• Bridge Ladies

    Bridge Ladies When I set out to learn about my mother's bridge club, the Jewish octogenarians behind the matching outfits and accessories, I never expected to fall in love with them. This is the story of the ladies, their game, their gen, and the ragged path that led me back to my mother.
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What I Feel Has Come and Gone Before

Every year for Christmas, my husband gives me ten poetry books. He usually includes the year’s prize winners, but also collections he’s heard about. It’s overwhelming to be face so much new poetry and I usually don’t even crack one until April. Last night, I started reading one. Here’s my method: I read the first poem. I read the title poem. I read a random poem. And the last poem. At that point I have already declared whether the poet is a charlatan or gifted and of interest. If I think a poet is a phony, is cliched, has no clue how to break a line or just shreds some prose in the name of poetry, I become despondent as if the whole human project has been defiled.

How do you read a poem?

11 Responses

  1. Randomly and slowly. Like sipping Kentucky bourbon whiskey and inhaling hashish, a satisfying, expanding burn. Turned upside down and walking away from feet of clay, flying without wings and having no answer when asked, what’s up?

  2. I open one of my Ellen Bass books, turn to any poem, and enjoy. Her “The Thing is” is my favorite.

  3. I look at the big picture shape and space, then read slowly, concentrating, analyzing each word, usually re-reading until I think I understand it.

  4. Ah, what a question. So many ways. Maybe I read it through. Maybe a get a vibe. Do I hear it? Do I feel it? Where is it going. Where does it go? Is it a cheap shot at language, at inference? Does it mean? Does it resonate. Is it too esoteric for words? I might quit it. I might cry. It all depends.

  5. I wait for it to crack open to determine if I’m actually smart or have been fooling people. Also, I rate a poem based on how far it deviates from my own labored efforts in high school. My mother’s very good at it, at least.

  6. “How do you read a poem?”

    With a notably less discerning eye than yours, though I do believe at least 90% of it is crap. At least five percent of the remainder is prose disguised as verse. That is also usually crap. A good poem is hard to find.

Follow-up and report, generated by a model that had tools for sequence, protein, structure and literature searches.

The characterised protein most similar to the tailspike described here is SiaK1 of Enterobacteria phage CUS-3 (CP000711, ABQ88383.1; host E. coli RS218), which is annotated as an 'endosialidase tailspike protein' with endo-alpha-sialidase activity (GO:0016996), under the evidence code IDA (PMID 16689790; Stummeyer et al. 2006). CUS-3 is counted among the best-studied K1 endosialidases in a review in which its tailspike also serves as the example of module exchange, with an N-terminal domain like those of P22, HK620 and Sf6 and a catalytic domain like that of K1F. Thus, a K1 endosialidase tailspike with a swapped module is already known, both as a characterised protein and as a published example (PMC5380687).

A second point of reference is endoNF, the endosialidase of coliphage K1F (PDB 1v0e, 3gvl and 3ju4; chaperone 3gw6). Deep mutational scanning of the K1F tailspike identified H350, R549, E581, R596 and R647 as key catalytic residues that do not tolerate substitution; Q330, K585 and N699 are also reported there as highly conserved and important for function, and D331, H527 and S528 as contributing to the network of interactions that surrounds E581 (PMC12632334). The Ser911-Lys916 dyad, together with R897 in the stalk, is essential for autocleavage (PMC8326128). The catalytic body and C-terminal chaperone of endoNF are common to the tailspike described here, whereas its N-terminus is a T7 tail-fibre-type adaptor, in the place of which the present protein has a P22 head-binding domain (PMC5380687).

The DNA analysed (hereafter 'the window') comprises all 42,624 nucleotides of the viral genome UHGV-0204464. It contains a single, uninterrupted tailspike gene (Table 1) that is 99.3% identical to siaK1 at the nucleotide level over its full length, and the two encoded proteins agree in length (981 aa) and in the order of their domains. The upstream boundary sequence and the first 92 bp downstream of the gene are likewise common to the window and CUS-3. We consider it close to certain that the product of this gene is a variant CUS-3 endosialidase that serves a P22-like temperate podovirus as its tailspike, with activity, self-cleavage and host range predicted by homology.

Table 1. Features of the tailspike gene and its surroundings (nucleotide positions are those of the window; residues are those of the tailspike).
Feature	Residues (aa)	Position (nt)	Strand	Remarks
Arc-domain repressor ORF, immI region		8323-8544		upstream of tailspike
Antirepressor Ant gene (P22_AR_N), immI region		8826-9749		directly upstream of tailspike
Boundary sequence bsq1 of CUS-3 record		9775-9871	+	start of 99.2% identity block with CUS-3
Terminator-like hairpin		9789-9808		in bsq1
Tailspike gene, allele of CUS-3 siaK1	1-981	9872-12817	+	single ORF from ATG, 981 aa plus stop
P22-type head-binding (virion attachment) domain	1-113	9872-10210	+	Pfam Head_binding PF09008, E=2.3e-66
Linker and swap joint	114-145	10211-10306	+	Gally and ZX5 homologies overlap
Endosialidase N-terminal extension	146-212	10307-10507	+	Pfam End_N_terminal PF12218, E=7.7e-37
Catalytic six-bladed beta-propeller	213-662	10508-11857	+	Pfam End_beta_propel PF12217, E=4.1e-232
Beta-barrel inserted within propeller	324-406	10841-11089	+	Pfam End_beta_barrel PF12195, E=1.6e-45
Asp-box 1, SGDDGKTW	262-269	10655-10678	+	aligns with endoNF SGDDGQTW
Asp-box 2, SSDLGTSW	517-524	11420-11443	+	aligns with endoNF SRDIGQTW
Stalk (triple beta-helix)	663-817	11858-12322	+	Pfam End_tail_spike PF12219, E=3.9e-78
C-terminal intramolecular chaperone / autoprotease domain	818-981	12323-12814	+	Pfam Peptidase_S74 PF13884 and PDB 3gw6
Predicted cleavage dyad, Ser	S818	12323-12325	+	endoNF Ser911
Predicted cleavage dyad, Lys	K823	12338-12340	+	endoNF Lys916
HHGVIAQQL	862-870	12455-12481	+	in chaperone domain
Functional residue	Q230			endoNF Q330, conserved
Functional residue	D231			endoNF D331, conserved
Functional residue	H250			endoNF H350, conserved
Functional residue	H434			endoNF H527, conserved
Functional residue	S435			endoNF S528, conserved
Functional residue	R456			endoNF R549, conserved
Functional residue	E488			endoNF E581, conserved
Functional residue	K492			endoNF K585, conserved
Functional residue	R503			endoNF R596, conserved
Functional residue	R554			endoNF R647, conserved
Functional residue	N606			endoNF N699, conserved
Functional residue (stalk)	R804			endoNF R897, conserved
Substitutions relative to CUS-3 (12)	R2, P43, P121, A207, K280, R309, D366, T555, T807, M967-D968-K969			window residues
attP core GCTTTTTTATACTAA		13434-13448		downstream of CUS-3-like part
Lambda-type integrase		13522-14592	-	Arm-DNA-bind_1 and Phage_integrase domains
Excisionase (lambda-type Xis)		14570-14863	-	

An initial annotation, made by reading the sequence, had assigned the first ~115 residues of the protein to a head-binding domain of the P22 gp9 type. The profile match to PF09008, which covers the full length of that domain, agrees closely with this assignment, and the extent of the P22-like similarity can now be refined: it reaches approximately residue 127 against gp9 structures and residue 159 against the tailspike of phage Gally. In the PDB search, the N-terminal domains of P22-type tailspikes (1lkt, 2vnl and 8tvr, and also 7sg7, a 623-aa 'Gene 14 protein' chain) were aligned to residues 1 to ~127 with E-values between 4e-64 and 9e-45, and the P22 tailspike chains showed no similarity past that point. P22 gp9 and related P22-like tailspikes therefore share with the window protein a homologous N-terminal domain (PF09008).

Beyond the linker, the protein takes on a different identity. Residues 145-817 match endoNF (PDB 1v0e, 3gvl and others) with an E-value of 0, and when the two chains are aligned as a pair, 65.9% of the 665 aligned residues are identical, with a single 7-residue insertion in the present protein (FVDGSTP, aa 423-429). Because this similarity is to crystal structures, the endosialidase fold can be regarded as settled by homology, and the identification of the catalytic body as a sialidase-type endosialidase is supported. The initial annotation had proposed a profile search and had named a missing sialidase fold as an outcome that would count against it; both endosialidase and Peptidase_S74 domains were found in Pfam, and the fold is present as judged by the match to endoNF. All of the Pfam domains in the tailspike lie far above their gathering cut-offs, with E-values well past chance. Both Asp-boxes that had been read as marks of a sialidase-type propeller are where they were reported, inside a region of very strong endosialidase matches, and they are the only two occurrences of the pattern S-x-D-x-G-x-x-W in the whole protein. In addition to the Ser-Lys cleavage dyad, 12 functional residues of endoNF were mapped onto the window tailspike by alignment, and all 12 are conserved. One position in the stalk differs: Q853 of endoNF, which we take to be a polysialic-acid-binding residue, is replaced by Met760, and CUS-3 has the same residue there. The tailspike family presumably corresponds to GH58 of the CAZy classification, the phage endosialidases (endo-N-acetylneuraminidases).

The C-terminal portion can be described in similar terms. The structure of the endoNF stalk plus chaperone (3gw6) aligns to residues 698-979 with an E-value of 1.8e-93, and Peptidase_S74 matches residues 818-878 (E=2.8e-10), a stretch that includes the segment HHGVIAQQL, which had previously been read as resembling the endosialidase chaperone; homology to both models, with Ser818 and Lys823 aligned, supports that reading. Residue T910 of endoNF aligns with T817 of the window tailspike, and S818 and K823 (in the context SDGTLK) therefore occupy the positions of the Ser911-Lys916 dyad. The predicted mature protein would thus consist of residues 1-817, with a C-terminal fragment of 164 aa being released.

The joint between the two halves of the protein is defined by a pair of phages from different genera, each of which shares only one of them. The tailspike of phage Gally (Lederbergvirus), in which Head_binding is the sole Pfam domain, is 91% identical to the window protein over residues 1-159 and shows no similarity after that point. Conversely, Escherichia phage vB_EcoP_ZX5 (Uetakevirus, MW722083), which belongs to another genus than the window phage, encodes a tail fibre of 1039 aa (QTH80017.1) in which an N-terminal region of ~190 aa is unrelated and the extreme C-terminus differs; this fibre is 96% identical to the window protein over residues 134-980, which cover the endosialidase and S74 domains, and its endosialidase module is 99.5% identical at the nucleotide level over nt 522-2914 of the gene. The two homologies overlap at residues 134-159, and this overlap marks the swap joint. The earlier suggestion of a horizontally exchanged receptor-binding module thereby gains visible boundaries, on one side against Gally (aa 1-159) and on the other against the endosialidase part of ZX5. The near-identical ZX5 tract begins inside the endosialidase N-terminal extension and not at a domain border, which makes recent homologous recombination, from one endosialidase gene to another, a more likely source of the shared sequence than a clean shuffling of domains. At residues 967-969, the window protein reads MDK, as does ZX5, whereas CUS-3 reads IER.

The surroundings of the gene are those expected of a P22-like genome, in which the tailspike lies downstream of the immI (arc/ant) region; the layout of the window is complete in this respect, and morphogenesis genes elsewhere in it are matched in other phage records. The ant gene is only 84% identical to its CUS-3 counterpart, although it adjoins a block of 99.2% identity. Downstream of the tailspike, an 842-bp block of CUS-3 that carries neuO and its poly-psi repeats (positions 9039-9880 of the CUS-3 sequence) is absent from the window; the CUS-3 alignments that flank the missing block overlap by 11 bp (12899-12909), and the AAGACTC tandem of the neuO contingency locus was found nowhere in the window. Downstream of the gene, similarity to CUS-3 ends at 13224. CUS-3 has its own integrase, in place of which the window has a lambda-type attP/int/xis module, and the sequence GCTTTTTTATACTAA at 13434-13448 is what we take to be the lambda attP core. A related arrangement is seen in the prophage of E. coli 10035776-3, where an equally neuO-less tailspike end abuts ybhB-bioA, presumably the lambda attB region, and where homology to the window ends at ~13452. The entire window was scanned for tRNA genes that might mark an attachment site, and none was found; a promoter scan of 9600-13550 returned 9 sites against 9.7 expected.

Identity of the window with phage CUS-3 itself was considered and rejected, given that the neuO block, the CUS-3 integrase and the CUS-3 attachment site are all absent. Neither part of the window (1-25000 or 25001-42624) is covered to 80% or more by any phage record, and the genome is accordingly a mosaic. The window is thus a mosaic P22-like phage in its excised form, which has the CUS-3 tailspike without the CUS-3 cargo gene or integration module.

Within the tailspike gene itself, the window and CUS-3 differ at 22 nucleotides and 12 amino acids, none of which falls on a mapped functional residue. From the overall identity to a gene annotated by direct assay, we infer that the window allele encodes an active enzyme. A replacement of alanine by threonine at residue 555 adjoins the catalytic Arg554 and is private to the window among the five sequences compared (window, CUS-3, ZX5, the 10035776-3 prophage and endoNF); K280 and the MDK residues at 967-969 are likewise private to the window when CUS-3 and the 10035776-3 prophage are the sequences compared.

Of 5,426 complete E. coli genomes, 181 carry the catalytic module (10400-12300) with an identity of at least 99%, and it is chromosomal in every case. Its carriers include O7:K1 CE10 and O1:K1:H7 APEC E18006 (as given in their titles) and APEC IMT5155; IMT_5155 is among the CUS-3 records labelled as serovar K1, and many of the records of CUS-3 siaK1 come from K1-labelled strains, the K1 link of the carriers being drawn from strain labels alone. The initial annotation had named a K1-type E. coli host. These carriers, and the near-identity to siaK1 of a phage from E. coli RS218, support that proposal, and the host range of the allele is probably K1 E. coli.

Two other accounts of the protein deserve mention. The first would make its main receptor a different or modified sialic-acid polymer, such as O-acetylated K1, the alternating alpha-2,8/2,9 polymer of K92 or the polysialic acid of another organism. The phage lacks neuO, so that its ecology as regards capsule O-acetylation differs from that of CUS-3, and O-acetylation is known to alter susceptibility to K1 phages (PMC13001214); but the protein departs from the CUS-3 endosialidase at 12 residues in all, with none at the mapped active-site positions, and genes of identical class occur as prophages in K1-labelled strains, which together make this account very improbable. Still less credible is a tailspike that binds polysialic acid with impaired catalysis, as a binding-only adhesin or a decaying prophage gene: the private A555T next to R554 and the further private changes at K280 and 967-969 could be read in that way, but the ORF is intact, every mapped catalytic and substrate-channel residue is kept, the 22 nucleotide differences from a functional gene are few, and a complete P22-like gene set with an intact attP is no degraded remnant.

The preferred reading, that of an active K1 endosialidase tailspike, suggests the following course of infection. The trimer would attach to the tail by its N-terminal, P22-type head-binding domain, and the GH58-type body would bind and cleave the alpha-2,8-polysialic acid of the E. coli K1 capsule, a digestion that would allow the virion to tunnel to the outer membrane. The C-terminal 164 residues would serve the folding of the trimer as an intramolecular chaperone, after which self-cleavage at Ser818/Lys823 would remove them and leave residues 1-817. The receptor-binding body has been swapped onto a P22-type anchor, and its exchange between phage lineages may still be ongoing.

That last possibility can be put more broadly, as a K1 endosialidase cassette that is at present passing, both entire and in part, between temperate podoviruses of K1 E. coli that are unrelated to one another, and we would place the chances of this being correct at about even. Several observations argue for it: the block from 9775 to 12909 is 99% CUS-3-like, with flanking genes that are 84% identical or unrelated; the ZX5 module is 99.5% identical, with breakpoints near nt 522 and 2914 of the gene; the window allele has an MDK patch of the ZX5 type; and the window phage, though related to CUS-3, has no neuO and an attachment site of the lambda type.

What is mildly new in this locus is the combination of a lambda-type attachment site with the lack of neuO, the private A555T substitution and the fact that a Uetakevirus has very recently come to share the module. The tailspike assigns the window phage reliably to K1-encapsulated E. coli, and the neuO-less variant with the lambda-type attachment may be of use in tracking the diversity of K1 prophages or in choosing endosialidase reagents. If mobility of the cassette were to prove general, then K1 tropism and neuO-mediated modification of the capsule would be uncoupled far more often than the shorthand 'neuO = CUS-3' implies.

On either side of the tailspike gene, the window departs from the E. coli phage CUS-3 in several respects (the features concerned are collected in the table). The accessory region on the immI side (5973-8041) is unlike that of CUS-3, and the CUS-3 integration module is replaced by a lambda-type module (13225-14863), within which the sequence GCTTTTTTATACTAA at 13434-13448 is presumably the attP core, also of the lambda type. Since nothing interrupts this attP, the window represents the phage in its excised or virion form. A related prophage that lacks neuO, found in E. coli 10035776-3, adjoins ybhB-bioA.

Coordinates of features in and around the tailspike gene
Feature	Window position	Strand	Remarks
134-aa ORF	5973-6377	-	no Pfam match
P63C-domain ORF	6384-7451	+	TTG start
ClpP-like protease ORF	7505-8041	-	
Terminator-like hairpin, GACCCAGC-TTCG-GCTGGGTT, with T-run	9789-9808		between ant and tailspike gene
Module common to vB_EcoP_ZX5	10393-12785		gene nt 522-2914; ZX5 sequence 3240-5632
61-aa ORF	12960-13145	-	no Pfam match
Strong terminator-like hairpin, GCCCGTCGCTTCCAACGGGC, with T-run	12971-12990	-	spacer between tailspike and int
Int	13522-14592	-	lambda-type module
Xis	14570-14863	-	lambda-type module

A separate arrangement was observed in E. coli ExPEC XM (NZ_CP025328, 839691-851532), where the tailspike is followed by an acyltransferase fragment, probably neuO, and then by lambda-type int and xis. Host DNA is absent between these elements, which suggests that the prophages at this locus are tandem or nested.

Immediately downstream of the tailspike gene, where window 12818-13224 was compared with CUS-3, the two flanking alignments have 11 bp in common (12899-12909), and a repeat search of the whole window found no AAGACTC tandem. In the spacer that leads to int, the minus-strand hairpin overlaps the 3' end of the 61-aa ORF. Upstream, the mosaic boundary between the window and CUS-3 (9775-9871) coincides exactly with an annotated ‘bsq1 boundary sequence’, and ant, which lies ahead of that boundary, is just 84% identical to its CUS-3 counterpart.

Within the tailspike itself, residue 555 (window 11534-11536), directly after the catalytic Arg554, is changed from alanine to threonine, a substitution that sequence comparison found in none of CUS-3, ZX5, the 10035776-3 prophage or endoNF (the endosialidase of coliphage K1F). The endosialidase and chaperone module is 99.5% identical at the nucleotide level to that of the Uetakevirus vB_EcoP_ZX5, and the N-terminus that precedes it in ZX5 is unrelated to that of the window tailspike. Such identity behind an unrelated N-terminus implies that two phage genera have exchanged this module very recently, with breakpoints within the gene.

7. I don’t. Why? Because of all of the above.

    Reading poetry is like going to an art gallery and standing before a painting or some other art form that makes no sense, and trying to make sense of it. Maybe they meant this. Maybe they meant that.

    Reading it is like reading what someone wrote while they were high – or half asleep – or – it seems like they’re trying too hard.

    IDK. I’ve never liked poetry.

    That said, there is one young man, the son of a friend, who was just accepted into Sarah Lawrence for an MFA in poetry. His work is the only stuff I’ve ever read – and enjoyed.

  8. What’s a poem?
    Prose with a dirty face.
    A thinking man’s smirk.
    A question mark without a dot at the bottom of its pregnant belly.

  9. “Artists don’t choose to be artists, writers or singers. It’s just something you know you have to do.”
    Nanci Griffith – 2010
    She’s gone today.
    RIP Nanci. A true poet.

  10. Over and over and over, with more joy than discernment. I have books of poetry all over my house, to fill the time when my coffee is brewing or the dogs are outside in the rain. I used to think I needed to be more clever than I am to enjoy poetry, and stayed away, which means that it’s become a trove, an enchanting brand-new treat for my later years.

    I’ve started writing poetry as well, just for myself. It’s therapeutic, and words are wonderful playthings when the pressure is off. I do hope I have the chance to burn the poems before I die, lest someone discover the naivety of my line breaks.

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